LOS BAÑOS, Laguna – An innovative, locally-developed feed for shrimp, milkfish and other high value fin-fishes is now available in the country.
The feed is known as “Juan Algae,” a microalgae paste developed by the University of the Philippines-Visayas College of Fisheries and Ocean Sciences (UPV-CFOS) and the UPV Museum of Natural Sciences.
“Juan Algae”, developed under the “Improvement of microalgae paste production for aquaculture” program and funded by the Philippine Council for Agriculture, Aquatic and Natural Resources Research and Development of the Department of Science and Technology (DOST-PCAARRD) and CFOS-Institute of Aquaculture of UPV, was presented before media practitioners Wednesday at the Elvira O. Tan Hall PCAARRD headquarters here.
Soledad S. Garibay, project leader of UPV-CFOS, said microalgal paste is made up of concentrated microalgae cells, which can be directly used as feeds to copepods, rotifers and early larval stages of milkfish, shrimps and other high-value fin-fishes.
She added that this newly-developed local feed is a better alternative to buying expensive imported, frozen and non-viable microalgae products or procure other algal inoculum to start a culture.
Garibay said a 30-kilogram ready-to-use Juan Algae costs PHP18,000, which would reduce to around 25 percent the cost for aquaculture operators compared to the conventional hatchery protocol using live microalgae culture, which can cost PHH 22,500 due to labor and maintenance costs.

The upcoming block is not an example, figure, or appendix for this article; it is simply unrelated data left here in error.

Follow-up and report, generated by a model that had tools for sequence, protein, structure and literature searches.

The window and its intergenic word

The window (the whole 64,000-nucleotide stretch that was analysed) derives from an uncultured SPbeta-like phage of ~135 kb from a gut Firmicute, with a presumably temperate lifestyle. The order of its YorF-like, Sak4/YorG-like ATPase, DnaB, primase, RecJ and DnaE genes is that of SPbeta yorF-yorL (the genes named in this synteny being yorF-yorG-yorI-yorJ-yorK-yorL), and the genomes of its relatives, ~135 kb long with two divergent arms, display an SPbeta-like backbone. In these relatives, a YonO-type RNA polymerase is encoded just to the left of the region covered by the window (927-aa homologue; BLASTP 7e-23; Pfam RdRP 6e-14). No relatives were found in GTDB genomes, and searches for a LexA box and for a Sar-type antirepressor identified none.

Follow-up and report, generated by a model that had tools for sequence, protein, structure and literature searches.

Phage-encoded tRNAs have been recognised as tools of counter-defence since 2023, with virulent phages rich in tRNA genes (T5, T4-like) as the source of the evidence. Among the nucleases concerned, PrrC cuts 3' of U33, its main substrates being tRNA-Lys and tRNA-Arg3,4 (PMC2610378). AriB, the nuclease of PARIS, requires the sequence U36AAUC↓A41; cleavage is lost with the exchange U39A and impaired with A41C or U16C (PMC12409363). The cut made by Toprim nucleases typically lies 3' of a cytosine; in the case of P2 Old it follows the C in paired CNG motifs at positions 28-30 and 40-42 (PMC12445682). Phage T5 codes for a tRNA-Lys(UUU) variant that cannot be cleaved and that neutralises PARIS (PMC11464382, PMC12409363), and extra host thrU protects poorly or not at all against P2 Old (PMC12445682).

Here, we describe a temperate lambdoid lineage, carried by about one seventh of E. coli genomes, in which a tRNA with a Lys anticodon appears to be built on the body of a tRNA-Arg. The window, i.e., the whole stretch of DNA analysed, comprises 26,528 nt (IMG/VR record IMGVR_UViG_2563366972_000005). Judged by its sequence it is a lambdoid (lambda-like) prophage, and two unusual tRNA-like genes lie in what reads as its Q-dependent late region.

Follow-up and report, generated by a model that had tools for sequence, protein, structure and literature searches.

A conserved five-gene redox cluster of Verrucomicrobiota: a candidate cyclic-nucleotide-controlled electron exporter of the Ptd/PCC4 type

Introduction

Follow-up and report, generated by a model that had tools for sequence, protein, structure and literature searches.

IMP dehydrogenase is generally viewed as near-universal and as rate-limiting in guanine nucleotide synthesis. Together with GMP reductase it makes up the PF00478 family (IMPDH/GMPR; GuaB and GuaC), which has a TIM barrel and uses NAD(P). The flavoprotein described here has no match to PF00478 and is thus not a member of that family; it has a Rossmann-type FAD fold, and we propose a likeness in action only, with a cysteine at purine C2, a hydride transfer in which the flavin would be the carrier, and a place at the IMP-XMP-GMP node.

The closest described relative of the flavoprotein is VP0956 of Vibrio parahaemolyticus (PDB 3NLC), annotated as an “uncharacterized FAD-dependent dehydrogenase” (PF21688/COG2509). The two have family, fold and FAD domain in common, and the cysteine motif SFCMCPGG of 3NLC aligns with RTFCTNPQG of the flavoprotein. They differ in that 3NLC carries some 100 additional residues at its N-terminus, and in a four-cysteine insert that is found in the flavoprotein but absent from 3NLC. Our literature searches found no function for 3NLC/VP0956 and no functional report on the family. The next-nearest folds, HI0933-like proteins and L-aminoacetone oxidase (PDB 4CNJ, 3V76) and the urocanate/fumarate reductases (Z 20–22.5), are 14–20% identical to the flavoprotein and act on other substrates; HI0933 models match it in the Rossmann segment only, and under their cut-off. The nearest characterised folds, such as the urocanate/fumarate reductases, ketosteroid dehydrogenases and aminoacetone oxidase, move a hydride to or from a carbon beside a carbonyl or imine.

Juan Algae and the live microalgae’s performance showed the same results in terms of density with respect to time, while the growth of milkfish fed with live microalgae and microalgae paste had no significant differences.
Having a shelf life of three months from the time of production, Juan Algae can also be used as starter to produce another batch of live microalgae culture, Garibay added.
Made out of four commonly used microalgae species in aquaculture--Tetraselmis sp., Nannochloropsis sp., Chaetoceros calcitrans, and Chlorella vulgaris--the Juan Algae is all natural, with no preservative added, making the product eco-friendly, Garibay said.
She said the project tested the microalgae species, Nannochloropsis sp., in hatcheries located in Lucena City, Quezon and Dumangas, Iloilo, as well as in the UPV-CFOS-IA Multi-species hatchery.
She added that the innovation is now being introduced in the market as part of pre-commercialization efforts, including market analysis and product validation.
In 2002, the Food and Agriculture Organization of the United Nations cited 226, 195 aquaculture operators in the Philippines that require microalgae as basic feed for brackish and marine commodities. (PNA)